Wallace and Gromit is a British institution widely considered one of country’s finest cultural exports with the duo once being called better ambassadors for Britain than actual real people paid to be exactly that. With that in mind, consider for a moment that the creator of the franchise had to fight endlessly with DreamWorks Animation because the studio thought it was too British.
For anyone unfamiliar with Wallace and Gromit, it largely follows the misadventures of an eccentric bumbling, cheese-obsessed man called Wallace and his dog Gromit who just so happens to be an expert in, we shit you not, dog-electronics.
Quaint and quintessentially British in its design and presentation, Wallace and Gromit has a timeless quality to it that has helped it become one of the most enduring and endearing piece of British pop culture ever created. A fact that makes it kind of baffling that DreamWorks Animation tasked the company behind the franchise with making a feature length Wallace and Gromit movie that they then bitched about for being too British.
To explain, due to the success of the early Wallace and Gromit shorts, the studio responsible for them, Aardman Animations, struck a 5 movie deal with DreamWorks Animation. A deal that almost immediately began to turn sour when DreamWorks started insisting on some frankly baffling changes to the first joint project the two studios worked on, Curse of the Were-Rabbit.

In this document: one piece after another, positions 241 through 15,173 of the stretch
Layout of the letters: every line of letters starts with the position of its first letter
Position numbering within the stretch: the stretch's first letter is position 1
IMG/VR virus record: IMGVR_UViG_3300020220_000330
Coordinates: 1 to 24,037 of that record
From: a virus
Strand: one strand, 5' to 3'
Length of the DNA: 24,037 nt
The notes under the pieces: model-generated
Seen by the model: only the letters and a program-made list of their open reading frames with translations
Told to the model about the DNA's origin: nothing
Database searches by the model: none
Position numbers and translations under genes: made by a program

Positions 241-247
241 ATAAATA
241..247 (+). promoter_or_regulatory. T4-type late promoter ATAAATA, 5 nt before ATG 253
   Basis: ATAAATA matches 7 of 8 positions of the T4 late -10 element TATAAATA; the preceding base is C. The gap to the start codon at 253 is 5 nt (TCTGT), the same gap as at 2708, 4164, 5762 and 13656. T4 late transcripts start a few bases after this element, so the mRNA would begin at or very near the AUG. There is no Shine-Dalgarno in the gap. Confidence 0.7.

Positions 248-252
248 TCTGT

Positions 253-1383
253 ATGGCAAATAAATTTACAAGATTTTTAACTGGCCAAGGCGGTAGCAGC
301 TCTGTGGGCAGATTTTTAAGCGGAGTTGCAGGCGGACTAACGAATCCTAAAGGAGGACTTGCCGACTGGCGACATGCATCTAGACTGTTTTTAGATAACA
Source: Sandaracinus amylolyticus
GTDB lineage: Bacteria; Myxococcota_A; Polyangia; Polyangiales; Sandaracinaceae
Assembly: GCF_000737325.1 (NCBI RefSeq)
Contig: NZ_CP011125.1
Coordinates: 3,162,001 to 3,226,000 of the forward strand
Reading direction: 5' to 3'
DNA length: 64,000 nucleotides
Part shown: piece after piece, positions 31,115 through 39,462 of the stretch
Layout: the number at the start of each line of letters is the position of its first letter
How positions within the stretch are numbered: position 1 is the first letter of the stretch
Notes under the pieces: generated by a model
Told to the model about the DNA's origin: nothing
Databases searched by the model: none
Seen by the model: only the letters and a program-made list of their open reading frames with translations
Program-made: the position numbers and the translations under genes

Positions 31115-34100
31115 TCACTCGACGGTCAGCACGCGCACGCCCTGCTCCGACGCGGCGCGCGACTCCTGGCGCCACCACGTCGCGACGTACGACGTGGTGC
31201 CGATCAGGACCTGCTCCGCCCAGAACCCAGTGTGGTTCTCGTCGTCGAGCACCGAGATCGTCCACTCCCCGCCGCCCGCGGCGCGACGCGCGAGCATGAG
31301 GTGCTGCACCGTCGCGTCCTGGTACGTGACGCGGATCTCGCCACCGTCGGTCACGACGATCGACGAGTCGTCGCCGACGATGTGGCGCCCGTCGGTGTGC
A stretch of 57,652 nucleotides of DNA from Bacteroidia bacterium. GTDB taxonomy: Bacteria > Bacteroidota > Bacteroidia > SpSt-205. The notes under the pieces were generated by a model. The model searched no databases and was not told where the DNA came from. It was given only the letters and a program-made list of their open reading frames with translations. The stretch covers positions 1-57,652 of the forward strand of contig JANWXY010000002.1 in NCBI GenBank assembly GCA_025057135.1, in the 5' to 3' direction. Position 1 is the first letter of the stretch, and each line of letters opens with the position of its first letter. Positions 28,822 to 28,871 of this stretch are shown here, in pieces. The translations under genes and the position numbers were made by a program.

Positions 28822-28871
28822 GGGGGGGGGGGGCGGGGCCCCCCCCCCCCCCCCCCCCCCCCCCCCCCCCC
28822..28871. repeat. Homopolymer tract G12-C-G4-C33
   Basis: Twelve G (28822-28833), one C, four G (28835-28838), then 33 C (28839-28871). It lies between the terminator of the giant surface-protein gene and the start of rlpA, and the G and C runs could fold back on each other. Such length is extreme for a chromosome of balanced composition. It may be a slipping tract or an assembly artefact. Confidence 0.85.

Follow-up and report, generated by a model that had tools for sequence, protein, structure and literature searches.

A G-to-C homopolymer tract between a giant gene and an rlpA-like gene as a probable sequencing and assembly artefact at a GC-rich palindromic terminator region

For example, one of the first requests DreamWorks made was to hire a bunch of American actors to voice the all of the characters. A request that was both baffling what with the whole film taking place in a small northern town in the UK and kind of insulting when it emerged one of the voices DreamWorks wanted to replace was fucking Wallace. You know, the main character of the film who for years had been voiced by the same adorable elderly man.
Anyway, Aardman politely told DreamWorks to do one on this, instead compromising by hiring well-known British actors to voice secondary characters. Something they were able to do because Wallace and Gromit creator Nick Park had the foresight to insist that rights to the character would remain firmly the property of Aardman Animation, giving them the ability to tell Dreamworks to fuck off when they said stupid shit like that.
However, DreamWorks didn’t relent and after their idea to replace the actor who voiced the title character fell through they shifted gear and instead started bitching about how the character’s sounded. Telling Aardman Animation that the accents of virtually the entire cast were too broad and that American viewers wouldn’t be able to understand them. Fearing the film would flop as a result of this, Aardman again compromised and asked each actor to tone down their accents for the film. Much to the reported chagrin of some on set. Which is understandable given that some of the actors who lent their voices to the project used their regular speaking voice for it.
As you might imagine then this nit-picky micro-managing of the production started to piss Aardmans off and they eventually drew a line in the sand over the word marrow. To explain, it’s noted that DreamWorks took particular exception to the word “marrow” in the script, telling Aardmans that Americans wouldn’t know what it meant and asking for it to be changed.
A request so pedantic it drew the ire of the aforementioned Nick Park who absolutely refused to budge on the issue. Something that resulted in Aardmans having a back and forth argument with DreamWorks for weeks until Park relented and agreed to change the word to “melon” for the American release. Seemingly as a fuck you to DreamWorks, Park requested that when the actors rerecorded the offending lines for the American dub that they sound as incredulous as possible. Meaning in the American version every time the word melon is uttered the characters sound like they themselves can’t quite believe they’re saying it.